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The politicization of Judaism

By Brandon Davis | The Daily Princetonian | October 6, 2010

If you’ve been listening to Newt Gingrich recently, you might be fearful of Muslims turning the United States of America into the Islamic Republic of America. You might be under the impression that Islamic religion is nothing more than a political front. You might be under the impression that Christianity is also fast becoming a political tool. But in all of the recent ranting about religion and politics, the third Abrahamic faith is flying under the radar. Few people think of Judaism as a political movement the way they might consider Islam or Christianity. When I think of Judaism, I think of latkes, challah, Woody Allen and Passover seders. I think of my mother yelling “oy vey” when I did badly on a quiz or when she burned the Rosh Hashanah brisket. If you’re an American of any religion, this is probably the image you have of Jewish people as well.

But there’s a whole other section of the world that has a very different perception of Jewish people. To them, Judaism is nothing but a political movement. They think of Jewish people — Israelis — who rode in on military jeeps and evicted them from their homes. They think of Jewish people who have blocked them off from the rest of the world, by physical wall or economic blockade. They think of Jewish people who have stolen their land and denied their history.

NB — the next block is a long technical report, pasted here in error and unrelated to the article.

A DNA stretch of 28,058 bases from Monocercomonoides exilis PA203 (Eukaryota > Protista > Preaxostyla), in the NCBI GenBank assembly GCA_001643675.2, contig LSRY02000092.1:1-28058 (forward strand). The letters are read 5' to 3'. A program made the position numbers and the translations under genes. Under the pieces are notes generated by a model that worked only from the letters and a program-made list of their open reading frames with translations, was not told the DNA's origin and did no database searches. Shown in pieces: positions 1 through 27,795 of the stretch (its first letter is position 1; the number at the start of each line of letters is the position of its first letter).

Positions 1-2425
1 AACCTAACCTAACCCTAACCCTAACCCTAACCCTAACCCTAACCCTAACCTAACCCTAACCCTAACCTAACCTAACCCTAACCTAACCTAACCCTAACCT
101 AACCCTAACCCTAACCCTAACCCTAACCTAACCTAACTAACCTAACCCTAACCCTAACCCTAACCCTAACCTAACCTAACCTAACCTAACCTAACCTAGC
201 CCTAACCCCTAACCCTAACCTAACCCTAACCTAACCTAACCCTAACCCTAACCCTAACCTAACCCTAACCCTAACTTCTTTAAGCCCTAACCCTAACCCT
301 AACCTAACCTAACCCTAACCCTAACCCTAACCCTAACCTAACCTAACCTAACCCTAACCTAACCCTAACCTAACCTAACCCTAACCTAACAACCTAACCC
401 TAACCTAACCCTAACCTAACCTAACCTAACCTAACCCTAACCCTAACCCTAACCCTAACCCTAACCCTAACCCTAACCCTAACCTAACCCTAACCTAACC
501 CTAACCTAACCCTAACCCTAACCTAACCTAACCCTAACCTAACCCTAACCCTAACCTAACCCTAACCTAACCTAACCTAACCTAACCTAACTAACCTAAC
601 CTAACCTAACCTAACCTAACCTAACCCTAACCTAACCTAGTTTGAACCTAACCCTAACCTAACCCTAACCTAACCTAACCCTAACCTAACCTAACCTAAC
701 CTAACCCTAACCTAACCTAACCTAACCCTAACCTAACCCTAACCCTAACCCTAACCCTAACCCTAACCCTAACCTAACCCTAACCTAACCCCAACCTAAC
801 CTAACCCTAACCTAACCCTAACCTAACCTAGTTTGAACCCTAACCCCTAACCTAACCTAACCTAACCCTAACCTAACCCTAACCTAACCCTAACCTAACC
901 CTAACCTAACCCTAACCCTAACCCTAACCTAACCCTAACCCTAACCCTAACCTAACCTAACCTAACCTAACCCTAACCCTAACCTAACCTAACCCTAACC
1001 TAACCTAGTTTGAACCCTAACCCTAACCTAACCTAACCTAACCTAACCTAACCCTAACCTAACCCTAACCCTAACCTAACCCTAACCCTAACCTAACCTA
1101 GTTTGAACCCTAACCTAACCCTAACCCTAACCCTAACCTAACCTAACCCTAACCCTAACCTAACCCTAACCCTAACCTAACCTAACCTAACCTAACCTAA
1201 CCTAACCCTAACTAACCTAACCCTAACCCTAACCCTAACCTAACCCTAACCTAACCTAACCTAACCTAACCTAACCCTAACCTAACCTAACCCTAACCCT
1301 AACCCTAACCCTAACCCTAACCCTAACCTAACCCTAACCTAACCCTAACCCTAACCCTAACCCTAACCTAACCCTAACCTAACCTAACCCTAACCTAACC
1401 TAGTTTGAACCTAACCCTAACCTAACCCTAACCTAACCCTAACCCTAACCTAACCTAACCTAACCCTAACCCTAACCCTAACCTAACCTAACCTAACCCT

I agree that it would be wrong to draw conclusions about Israelis or Jews in general because of some Israeli policies and military actions — just as it would be wrong to judge any community by the actions of its worst representatives. But how do we deal with Judaism when almost all American Jewish organizations unconditionally support Israeli policies?

In the secular, post-religion age in which many of us live, Judaism has been preserved by another faith: nationalism. Allegiance to Israel is integral to the American Jewish experience, perhaps even more so than the religious and cultural tradition born out of the Diaspora. And organized Judaism’s political leanings are nearly monolithic.

Questioning this allegiance is the worst taboo within the organized Jewish community. Academics like Noam Chomsky and Norman Finkelstein GS ’88 who criticize Israel are dubbed “self-hating Jews” by the American Jewish mainstream. Jewish pro-Palestinian groups like Jews Say No or Jewish Voices for Peace are on the ultimate fringe. There are a few semi-mainstream Jewish groups that do criticize Israel, but there are none that will even entertain the idea of a non-Jewish Israeli-Palestinian state.

The result is a near-total politicization of Judaism, analogous to Islamism in the Middle East or Sarah Palin’s brand of political Christianity here. While, unlike these ideologies, American Jews do not advocate for our government to be founded on Jewish values, we do advocate specific policies in the Middle East. Like the Sabbath prayers and the stories of the Torah, the history of modern Israel — often stripped of its unsavory bits — is an integral part of Jewish education. The Israeli independence fighters are heroes for American Jews, just like George Washington or Paul Revere. Millions of dollars are spent to teach young Jews to love Israel and to defend Israel from its critics. The proof is overwhelming and undeniable: Maintaining a Jewish nation-state in Palestine has become one of organized Judaism’s core goals.